Performances at Barbes are very do-it-yourself, and so Fahn seems to be in a real bind. Soon, of course, someone points out that there is another light on the wall, one that is pretty centrally located, too. The light, like each of the others in the room, is a bare bulb surrounded by an old record. Red walls and a red ceiling swallow the light whole once he has turned it on, and even with Fahn's new find, it still is not a bright room.
While Fahn might have had trouble seeing his lead sheets, for an audience the ambience is of candlelight, even without an abundance of candles. It's just that kind of room. A few tables and a bunch of chairs line the side wall, a very different scene from the full bar just a room away.
Barbes co-owners and musicians Olivier Conan and Vincent Douglas moved the wooden bar in themselves when they first found the space. Neither had planned on opening a bar, but they did not think a music club could survive without one. We wanted to open up a music place actually before a bar. But we figured it out that there's basically no way you can do it. So we had to open a bar, but the main interest for us, being musicians, is the music, says Douglas.
Because Conan's and Douglas' main concern is the music, patrons of the bar, even as they are in a separate room from the performances, are treated to a version of the show. There is a microphone on the ceiling of the back room, which is attached to speakers at the bar. When the show starts, the CDs that they play for the bar stop, and people at the bar therefore know when to be quiet.
That does not necessarily mean that they are always quiet during the shows, however. Recently, baritone saxophonist and bass clarinetist Alex Harding and pianist Lucian Ban performed at the space, and non-audience members were heard laughing and carousing in the other room. This did not particularly interfere with the duo's bluesy meditations, but Michael Attias, who books Wednesdays (aka Night of the Ravished Limbs) at the club, says that one time the cross-pollination of sound from one room to another actually added to a show.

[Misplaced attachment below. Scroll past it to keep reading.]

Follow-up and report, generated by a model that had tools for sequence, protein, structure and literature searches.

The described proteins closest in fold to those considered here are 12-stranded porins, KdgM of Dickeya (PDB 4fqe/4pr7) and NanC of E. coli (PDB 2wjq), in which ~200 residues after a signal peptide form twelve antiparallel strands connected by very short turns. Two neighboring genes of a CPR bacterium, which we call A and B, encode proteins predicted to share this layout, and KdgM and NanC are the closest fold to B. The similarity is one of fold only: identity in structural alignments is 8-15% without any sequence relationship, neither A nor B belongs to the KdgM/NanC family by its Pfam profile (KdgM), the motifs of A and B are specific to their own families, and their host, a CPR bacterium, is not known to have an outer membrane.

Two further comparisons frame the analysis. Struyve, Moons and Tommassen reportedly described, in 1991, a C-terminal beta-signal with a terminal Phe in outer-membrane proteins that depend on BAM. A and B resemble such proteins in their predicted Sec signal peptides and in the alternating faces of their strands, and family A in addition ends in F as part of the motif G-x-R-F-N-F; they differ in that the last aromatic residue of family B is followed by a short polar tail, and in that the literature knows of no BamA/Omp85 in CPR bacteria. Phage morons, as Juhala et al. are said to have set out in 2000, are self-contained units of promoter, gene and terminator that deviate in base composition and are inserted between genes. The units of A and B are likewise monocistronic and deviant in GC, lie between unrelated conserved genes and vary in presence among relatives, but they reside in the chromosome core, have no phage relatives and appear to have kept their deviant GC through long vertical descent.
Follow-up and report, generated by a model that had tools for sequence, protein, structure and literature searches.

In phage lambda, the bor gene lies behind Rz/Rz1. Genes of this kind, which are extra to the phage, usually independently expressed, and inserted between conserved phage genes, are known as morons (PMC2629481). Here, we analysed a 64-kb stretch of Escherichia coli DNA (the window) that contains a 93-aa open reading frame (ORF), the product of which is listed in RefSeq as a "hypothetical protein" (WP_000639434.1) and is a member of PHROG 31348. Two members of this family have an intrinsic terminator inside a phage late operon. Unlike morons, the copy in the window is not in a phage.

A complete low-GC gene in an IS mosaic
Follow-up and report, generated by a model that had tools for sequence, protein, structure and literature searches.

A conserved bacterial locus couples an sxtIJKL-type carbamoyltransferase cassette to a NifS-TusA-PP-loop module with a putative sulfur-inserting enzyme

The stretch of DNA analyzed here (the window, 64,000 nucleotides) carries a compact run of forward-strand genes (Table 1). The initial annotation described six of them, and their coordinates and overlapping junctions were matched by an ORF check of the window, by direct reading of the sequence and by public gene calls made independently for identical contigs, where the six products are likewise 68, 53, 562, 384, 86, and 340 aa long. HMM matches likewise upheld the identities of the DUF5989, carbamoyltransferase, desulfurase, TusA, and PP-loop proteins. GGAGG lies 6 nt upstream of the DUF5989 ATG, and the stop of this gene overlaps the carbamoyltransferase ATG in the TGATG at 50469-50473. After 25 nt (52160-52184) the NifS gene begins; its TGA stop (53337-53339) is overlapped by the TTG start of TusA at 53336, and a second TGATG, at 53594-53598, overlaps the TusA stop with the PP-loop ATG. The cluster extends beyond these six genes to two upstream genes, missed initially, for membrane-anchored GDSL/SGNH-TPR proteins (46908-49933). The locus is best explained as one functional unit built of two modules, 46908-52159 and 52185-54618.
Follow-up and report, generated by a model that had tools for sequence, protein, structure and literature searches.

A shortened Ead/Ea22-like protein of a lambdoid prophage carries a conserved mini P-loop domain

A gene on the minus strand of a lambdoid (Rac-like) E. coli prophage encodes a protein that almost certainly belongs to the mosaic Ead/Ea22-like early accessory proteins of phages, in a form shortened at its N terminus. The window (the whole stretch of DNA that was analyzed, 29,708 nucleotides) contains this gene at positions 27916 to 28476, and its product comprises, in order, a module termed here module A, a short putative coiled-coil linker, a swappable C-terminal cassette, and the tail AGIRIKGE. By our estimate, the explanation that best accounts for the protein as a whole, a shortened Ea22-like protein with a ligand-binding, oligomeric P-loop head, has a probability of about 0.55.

I remember one night when there was Anthony [Coleman], Okkyung Lee and Doug Wieselman were doing a trio, he says. There was some woman having an incredible conversation and they started incorporating it into their playing. I remember the woman saying something like 'Yeah, Salman Rushdie, he's a writer and he's a Muslim, too.' In the middle of this quiet improvisation.
That kind of interplay and looseness pervades the club. When you walk in off the street, there is not the pomp and circumstance of a Manhattan night spot. Shorts are welcome. The street is quiet. Conan and Douglas even started Barbes off without allowing full drum sets or electric basses, though they have since relented (the rule was mainly to discourage rock groups). But what they have not relented on is the diverse booking that their Brooklyn space permits.
For all that New York is the center of the jazz world (and, let's not be timid, the whole world for that matter), its rents are so exorbitant that experimentation is a difficult thing to do. Opening a club in Brooklyn, then, is a good alternative to serving $9 gin and tonics and only booking established acts. While it may not relieve a club owner of the need to sell alcohol, it does allow for the nurturing of acts that might not sell out every night.
As a result, Barbes can pursue Attias' Ravished Limbs series, can pursue Matt Otto's Tuesday night straight-ahead jazz series, can pursue films, lectures and music from around the world. The only persistent theme is that these guys like to book accordion players (they're French). Aside from that, the sights and sounds filling the club are always changing.
August will see violinist Jenny Scheinman make multiple appearances, as well as a show from the always intriguing Ruckus Trio. September will even see Mark Helias bring his group, Open Loose, to the club. And Douglas favorites, eccentric circus rockers One Ring Zero will stop by in the meantime (there is a gigantic One Ring Zero poster on Barbes' wall).
Music fans who live in Park Slope are lucky to have this comfortable little space in the neighborhood. Musicians, a large percentage of whom live in Brooklyn, are lucky to have a musician-run venue in the neighborhood. And the folks over in Manhattan would be good to get on the train and check it out, because a good venue is a good venue. The rent may be lower, but this is still New York, after all.